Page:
Musical Statues

Musical Statues

Activity Four
The children combine locomotive movement and body control in a fun way.
Activity Information
  • Skill Focus
    • Dynamic Balance
  • Equipment
    • No Equipment Required
    • Music
  • Group Type
    • Individual
    • Small/Large Group
    • Special Needs
  • Activity Type
    • Jumping
    • Hopping
    • Running
    • Skipping
    • Game
    • Musical
    • Warm Up
  • Environment
    • Indoors
    • Outdoors
  • Space Allocation
    • Small Space
    • Large Space
  • Special Needs
    • Able-Bodied
    • Physically Challenged
  • Physical Benefits
    • Balance
    • Body Awareness
    • Gross Motor Skills
    • Focus / Attention
  • Key Language
    • Space
    • Movement
    • Music
    • Stop
    • Still
    • Statue

Activity Progressions and Adjustments

Beginners Give simple movement suggestions such as walking, tip-toeing or crawling.

Intermediate / Advanced Give types of locomotive movement such as running, monkey run or hopscotch. Such ways of moving require more body control when needing to stop.

Special Needs We all enjoy music and it makes moving fun for all, give movement instructions according to the average ability level of your group.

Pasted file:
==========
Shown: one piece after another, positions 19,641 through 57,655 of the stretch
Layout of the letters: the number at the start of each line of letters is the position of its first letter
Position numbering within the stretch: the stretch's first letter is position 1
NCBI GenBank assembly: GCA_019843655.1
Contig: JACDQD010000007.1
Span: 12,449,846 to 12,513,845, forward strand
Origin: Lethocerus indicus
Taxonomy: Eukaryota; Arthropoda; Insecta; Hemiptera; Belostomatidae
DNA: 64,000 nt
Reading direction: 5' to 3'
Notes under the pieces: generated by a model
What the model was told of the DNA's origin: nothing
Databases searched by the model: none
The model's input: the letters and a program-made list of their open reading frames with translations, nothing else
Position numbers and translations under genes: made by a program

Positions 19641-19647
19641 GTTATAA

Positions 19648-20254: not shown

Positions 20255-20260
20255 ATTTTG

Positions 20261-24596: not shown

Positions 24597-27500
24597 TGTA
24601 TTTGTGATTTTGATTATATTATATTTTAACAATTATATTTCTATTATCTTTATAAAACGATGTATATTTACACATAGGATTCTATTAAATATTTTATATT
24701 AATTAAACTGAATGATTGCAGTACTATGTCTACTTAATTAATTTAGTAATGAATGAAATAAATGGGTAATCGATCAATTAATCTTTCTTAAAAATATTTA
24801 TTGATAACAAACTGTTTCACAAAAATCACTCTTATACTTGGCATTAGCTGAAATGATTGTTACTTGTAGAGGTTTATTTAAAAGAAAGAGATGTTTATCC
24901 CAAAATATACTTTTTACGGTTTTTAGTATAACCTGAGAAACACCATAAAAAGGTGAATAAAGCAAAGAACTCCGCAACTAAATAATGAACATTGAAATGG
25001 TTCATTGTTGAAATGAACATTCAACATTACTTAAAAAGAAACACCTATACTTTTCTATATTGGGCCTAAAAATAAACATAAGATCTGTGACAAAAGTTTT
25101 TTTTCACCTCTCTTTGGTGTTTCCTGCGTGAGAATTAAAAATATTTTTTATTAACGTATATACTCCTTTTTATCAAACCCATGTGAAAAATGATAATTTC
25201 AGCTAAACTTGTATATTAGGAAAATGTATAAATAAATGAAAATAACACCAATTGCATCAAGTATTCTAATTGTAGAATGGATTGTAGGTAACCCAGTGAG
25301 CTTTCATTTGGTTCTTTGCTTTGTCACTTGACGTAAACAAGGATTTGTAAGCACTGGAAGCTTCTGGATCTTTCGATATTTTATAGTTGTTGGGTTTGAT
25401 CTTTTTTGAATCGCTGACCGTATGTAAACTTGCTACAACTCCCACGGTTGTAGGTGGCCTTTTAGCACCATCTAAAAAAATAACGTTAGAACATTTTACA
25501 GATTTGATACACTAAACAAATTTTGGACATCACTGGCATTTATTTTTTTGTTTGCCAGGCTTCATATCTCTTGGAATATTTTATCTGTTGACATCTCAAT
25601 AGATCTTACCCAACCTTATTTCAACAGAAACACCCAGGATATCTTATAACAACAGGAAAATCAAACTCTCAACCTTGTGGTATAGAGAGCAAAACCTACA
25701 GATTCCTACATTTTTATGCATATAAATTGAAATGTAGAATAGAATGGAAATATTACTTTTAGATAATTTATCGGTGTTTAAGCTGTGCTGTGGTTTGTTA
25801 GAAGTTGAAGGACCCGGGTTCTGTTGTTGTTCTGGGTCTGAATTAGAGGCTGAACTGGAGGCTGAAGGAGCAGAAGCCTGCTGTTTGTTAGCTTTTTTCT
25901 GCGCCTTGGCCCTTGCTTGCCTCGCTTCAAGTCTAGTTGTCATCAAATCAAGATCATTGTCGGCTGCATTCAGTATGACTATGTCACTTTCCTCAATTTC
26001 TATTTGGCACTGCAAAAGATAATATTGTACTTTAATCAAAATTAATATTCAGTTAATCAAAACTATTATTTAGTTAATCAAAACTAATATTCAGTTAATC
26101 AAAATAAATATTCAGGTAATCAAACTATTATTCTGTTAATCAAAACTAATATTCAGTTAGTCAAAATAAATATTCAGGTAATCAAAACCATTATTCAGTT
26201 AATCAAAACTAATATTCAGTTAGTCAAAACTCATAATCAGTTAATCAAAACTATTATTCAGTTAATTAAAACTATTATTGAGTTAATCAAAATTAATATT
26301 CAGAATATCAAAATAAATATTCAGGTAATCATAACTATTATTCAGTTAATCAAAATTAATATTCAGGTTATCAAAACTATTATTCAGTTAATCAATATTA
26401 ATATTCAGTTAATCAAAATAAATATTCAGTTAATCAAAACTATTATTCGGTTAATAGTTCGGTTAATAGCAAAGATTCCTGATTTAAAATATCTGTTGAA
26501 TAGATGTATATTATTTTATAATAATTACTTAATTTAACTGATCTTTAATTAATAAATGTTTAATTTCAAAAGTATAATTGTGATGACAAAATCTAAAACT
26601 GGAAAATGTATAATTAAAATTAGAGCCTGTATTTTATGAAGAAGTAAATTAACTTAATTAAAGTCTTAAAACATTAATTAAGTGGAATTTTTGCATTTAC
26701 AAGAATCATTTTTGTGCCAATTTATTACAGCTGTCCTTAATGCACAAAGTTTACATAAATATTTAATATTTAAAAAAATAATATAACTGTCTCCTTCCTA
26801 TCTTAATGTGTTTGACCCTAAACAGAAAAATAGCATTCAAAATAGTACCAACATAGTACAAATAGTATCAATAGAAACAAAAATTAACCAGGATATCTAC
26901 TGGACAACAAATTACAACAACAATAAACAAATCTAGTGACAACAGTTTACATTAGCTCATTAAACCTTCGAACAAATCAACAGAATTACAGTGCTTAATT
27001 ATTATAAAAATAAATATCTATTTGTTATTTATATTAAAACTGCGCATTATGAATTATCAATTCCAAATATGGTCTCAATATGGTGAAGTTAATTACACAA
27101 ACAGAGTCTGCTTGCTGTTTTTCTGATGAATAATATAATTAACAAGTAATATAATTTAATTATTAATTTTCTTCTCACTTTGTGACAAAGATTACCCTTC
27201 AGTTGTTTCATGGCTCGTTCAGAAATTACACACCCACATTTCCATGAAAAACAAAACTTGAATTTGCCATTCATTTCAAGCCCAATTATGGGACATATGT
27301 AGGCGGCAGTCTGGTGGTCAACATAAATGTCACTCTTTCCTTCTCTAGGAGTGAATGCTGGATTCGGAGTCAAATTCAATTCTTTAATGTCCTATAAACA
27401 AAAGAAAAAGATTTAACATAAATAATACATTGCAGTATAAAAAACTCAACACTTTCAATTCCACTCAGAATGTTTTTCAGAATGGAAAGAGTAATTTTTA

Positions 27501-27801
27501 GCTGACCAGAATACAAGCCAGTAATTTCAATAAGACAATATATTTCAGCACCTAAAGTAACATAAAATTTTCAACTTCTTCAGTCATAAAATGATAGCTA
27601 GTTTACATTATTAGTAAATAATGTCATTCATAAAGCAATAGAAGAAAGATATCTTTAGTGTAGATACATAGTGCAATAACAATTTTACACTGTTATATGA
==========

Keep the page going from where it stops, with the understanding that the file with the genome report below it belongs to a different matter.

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Have the children find a space in an allocated area.

Give a movement instruction that the children must do when the music plays.

When the music stops, the children have to stop as quickly as possible and be as still as a statue.

Some movement ideas are: Run, hop, jump, crawl, skip, step together sideways or walk backwards.

Have the children all move in the same direction.

If you are unable to use music, use a whistle or a verbal command to indicate when the children have to stop.

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Safety Precautions

With a large group have the children move in the same direction around the room.

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Sensory and Cognitive Benefits

Vestibular-Cerebellum  Stimulation of the neural networks in the cerebellum (balance center in the brain).

Proprioception  Stimulation of muscle and joint receptors responsible for body and spatial awareness.

Auditory-Motor Integration  Need to listen carefully for changes in the music and movement instructions and the muscles need to respond appropriately.

Differentiation  Full conscious control of moving only one part of the body while other limbs remain still.

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